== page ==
Spend less on the event if you have to, spend more on the location and photography! Your photos are forever!
Don’t hire uncle Bob to photograph for you just because he has a nice camera. Find someone who has a portfolio, insurance, and a second shooter. Ask to speak to their past clients. Make sure you have a booklet showing the style of their work. Hold them to their contract.
Hire someone else to handle flowers, food, and décor. Trust me, it's not something you should have to worry about on your wedding day.
Obsessively vet your vendors. Ask for referrals. Ask for galleries, ask for samples, ask all the questions. And if they get weird and moody, move on to the next vendor.
Free doesn’t mean “just as good.” That person who offers to make your cake/give you their gown/put together your flowers/cook your food for free had better unconditionally love you, or there WILL be resentment at some point.
Keep it as simple as possible. Simple décor, simple entrees simple drinks. The devil is in the details, and if the details stress you out too much… skip them.
Don’t go cheap on your shoes! Pick comfortable shoes that you can happily wear all day.
Do 1 or 2 trial runs with your hair, makeup, and gown. Have someone you trust take photos of you at all angles so you can best decide what appeals to you.
Take all the photos you possibly can before the ceremony. Family, bridesmaids, groomsmen, and kiddos especially. There will be cake. There will be kids. There will be no clean photos of kids after cake.
Destination wedding? Skip the heavy taffeta and beading and choose apparel that will travel (and steam!) well. Like... don't wear heavy taffeta in Las Vegas in August, ya'll. Been there. Yikes.
You’re going to have to offend someone, and disagree with someone at some point. Pushy uncles with cameras, mothers who want to also be your maid of honor, family members who want to turn your formal portraits into their personal family photoshoot, that mother in law who wears white, etc. It’s ok. They’ll eventually forgive you for standing your ground. Maybe. Meh.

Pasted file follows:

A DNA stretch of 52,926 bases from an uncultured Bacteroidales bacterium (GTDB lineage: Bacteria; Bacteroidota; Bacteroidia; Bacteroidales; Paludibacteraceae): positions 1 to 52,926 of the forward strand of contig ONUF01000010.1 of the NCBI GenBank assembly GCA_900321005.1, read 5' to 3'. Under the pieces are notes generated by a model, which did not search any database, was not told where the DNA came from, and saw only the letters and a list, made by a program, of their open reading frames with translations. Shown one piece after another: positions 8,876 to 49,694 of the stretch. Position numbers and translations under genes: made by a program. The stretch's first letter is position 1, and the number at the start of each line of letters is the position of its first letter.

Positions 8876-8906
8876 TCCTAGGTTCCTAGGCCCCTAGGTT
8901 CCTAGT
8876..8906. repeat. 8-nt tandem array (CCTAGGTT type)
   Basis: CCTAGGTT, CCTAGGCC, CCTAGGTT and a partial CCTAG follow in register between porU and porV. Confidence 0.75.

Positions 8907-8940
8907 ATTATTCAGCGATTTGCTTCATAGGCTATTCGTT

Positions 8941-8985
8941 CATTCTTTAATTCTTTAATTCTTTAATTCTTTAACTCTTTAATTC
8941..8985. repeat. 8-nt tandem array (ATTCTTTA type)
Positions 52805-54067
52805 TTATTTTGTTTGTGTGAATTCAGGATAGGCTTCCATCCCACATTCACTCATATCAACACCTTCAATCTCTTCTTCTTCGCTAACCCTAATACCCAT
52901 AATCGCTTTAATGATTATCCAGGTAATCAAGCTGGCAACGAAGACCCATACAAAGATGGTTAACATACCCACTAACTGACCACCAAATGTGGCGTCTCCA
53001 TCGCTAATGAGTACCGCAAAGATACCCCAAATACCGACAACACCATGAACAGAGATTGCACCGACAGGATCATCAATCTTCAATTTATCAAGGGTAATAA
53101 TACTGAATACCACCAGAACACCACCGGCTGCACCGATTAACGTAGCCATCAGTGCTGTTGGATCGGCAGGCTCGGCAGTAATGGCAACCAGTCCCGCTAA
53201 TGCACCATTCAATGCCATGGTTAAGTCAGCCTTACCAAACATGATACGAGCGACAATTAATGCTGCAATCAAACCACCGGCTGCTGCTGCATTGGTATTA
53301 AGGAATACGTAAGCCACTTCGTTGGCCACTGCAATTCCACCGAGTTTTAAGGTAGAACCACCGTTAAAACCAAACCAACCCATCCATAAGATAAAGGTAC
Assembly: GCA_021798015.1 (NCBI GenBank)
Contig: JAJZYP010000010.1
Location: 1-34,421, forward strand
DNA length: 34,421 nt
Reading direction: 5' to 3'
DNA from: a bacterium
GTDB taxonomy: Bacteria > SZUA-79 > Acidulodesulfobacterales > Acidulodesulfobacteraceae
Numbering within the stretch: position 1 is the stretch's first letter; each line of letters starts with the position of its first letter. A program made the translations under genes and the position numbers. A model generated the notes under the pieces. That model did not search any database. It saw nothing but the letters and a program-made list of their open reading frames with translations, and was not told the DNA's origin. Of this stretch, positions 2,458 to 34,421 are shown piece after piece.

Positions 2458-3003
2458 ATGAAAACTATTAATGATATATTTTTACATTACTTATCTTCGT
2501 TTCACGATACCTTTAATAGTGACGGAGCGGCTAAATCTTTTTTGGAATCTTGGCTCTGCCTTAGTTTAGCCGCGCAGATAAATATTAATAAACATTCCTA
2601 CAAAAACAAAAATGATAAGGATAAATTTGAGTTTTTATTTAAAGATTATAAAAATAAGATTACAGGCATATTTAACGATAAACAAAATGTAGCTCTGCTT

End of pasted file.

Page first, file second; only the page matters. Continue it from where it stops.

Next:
Skip what doesn’t matter to you. Not a fan of toasts? Skip them. Cocktail hour not a favorite for you? Can it. Keeping your bouquet? You don’t have to toss it. Dislike cake? There are other desserts.
Go easy on your wedding registry. 60% of your guests won’t even take a peek.
Delegate all that you can. Make a list and a timeline, and hand it to someone else to execute. This is what bridesmaids and groomsmen are for.
Make emergency plans. Pay that $100 for extra event insurance, and get a blueprint of all emergency evacuation plans. Better safe than sorry.
You and your fiancée come first, not the wedding. Make sure to plan date night at least 1x per week and put the kaibosh on talking about the wedding during date night. Plan your home together, name your future children, look at the long term. Post-wedding depression is real, and this is one way to avoid falling into the darkness.
Your day is going to go faster than you can ever imagine. It will be a blur! Treasure the memories that you can, and treasure the photos that will be passed down to dozens of generations.